Laugher isn't just fun and games. Did you know that it can also reduce stress, ease strained relationships, diffuse tension, and even bridge the gap between generations? Given all the benefits of giggling, chuckling, and guffawing, why not inject some humor into your family's day-to-day life?
What makes potty humor so irresistible to preschoolers but so pass? to older kids? And why is a 1-year-old enthralled by endless games of peekaboo while a 3-month-old hardly bats an eyelash? The reason: A child's developmental stage often determines what gives him a chuckle. See what your child finds funny during babyhood, the preschool years, and at school age.
You may spy your new baby forming a "smile" within the first month of life, but the real smiles come later, usually when your baby is about 3 or 4 months old and has discovered how his smiles attract your attention and make him feel good. Around this time, a baby masters "smile talk" -- you'll notice him giving you a big grin and gurgling to get your attention. As your baby gets older and begins to understand object permanence -- that even if they can't see something, it still exists -- peekaboo can really bring on the giggles. For 2-year-olds trying to master language, nonsense words and phrases are top laugh getters.
Silly is a good word to sum up the humor of this age group. Preschoolers -- for whom toilet training is a central issue -- love bathroom humor. And the more jokes about poop embarrass their parents, the more kids enjoy them. Humor at this age can also be a way to test their parents and the parents' responses to kids "jokes." Also popular at this age: corny knock-knock jokes that kids pass along or make up, and jokes that involve using a familiar object in a different way. For examples, 2- and 3-year-olds are likely to crack up laughing after putting a glove on their foot or using a banana as a telephone.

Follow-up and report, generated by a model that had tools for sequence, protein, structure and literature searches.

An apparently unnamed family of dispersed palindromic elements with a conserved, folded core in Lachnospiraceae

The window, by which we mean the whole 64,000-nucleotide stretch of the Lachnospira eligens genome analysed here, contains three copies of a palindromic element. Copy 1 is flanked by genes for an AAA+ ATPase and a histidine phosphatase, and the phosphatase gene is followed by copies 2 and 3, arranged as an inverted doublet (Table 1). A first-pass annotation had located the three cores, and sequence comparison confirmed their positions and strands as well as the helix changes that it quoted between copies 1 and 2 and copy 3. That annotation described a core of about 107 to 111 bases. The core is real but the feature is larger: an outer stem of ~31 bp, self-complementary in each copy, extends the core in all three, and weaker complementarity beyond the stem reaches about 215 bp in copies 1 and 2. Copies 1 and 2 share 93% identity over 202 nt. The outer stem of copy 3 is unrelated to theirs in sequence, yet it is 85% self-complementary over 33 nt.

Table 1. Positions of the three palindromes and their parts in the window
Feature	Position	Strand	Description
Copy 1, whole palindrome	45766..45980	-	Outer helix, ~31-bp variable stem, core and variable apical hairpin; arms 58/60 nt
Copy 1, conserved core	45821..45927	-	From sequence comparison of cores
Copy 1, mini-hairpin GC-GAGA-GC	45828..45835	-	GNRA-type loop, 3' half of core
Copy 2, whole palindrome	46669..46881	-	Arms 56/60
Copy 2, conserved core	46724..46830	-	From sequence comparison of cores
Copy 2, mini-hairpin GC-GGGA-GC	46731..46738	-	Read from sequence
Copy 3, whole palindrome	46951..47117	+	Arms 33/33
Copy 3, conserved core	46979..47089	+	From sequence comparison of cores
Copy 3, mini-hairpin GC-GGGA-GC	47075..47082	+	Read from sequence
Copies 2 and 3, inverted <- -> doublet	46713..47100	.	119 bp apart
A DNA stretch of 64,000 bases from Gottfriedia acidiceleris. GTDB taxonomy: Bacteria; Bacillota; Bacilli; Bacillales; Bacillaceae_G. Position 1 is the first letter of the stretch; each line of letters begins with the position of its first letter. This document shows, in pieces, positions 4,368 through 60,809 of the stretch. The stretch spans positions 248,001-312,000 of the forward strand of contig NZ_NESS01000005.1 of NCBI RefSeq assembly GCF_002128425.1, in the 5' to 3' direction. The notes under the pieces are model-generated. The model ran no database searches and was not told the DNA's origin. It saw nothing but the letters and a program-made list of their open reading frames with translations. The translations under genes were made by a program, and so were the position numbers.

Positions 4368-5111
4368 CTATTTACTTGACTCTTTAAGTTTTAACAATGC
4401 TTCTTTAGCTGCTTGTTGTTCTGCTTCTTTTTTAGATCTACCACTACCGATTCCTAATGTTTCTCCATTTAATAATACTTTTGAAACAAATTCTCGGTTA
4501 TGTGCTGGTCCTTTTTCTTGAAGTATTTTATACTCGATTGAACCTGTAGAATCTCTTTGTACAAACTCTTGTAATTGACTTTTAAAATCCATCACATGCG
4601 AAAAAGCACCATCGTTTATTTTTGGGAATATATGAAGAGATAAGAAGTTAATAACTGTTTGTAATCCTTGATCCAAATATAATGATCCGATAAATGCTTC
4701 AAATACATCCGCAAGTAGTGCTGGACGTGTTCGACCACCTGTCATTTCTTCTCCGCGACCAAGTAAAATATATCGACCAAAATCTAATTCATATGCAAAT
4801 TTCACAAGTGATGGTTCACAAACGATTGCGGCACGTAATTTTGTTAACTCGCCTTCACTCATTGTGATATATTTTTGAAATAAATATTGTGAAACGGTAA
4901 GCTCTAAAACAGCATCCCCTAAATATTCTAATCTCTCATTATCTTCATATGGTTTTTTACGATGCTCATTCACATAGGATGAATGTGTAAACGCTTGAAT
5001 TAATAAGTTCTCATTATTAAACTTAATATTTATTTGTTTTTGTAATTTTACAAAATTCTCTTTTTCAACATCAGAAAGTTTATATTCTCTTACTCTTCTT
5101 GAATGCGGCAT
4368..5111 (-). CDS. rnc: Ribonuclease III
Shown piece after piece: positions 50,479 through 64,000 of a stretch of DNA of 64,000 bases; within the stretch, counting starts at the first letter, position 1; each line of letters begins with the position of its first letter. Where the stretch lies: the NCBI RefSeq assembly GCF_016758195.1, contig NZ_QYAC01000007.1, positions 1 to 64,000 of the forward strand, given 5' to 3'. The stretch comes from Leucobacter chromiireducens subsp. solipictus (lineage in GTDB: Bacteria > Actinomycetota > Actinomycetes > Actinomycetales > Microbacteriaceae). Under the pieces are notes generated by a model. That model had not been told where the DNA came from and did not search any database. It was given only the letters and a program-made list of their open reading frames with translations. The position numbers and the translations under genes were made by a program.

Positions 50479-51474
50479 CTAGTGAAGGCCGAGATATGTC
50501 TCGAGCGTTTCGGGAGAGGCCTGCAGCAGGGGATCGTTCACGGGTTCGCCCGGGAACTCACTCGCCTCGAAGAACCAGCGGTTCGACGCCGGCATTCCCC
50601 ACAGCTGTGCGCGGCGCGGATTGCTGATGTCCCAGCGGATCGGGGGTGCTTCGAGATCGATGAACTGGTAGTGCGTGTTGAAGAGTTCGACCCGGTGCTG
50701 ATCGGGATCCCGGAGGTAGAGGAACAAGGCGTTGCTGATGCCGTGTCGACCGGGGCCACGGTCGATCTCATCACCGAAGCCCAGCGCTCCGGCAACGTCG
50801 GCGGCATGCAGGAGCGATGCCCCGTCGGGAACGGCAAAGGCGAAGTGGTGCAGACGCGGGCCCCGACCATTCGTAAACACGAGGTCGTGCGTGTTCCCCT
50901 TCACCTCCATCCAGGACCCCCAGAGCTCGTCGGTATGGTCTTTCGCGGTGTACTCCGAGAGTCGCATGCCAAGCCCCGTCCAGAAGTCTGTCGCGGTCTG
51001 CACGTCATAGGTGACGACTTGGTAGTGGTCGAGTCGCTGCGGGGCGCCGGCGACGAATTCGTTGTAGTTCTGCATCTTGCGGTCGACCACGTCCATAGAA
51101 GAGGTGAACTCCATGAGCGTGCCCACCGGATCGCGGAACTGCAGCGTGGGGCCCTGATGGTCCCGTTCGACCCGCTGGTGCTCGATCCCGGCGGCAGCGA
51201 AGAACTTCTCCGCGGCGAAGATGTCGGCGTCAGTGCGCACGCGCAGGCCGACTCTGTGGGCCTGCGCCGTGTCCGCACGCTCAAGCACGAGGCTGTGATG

As kids get older they switch from knock-knock jokes to riddles and more complex jokes that require logic. Kids this age have improved at telling jokes because they are now better at remembering the punch line. Jokes also serve as a way for kids to test boundaries of social acceptance (if they do or say something that turns out to be unacceptable, they can say, "I was just joking!") and to express themselves. Around fourth or fifth grade, experts say, differences in the jokes that boys and girls tell begin to emerge. Boys' jokes tend to be more physically violent or sexual in nature, whereas girls' jokes are more likely to be verbally aggressive (i.e., teasing). Around this time is also when humor can become mean or cruel, with teasing and jokes played on their peers as kids deal with their own insecurities. What's a parent to do? Teach your child that a sense of humor should be used to make others feel good, not to be hurtful.
All content here, including advice from doctors and other health professionals, should be considered as opinion only. Always seek the direct advice of your own doctor in connection with any questions or issues you may have regarding your own health or the health of others.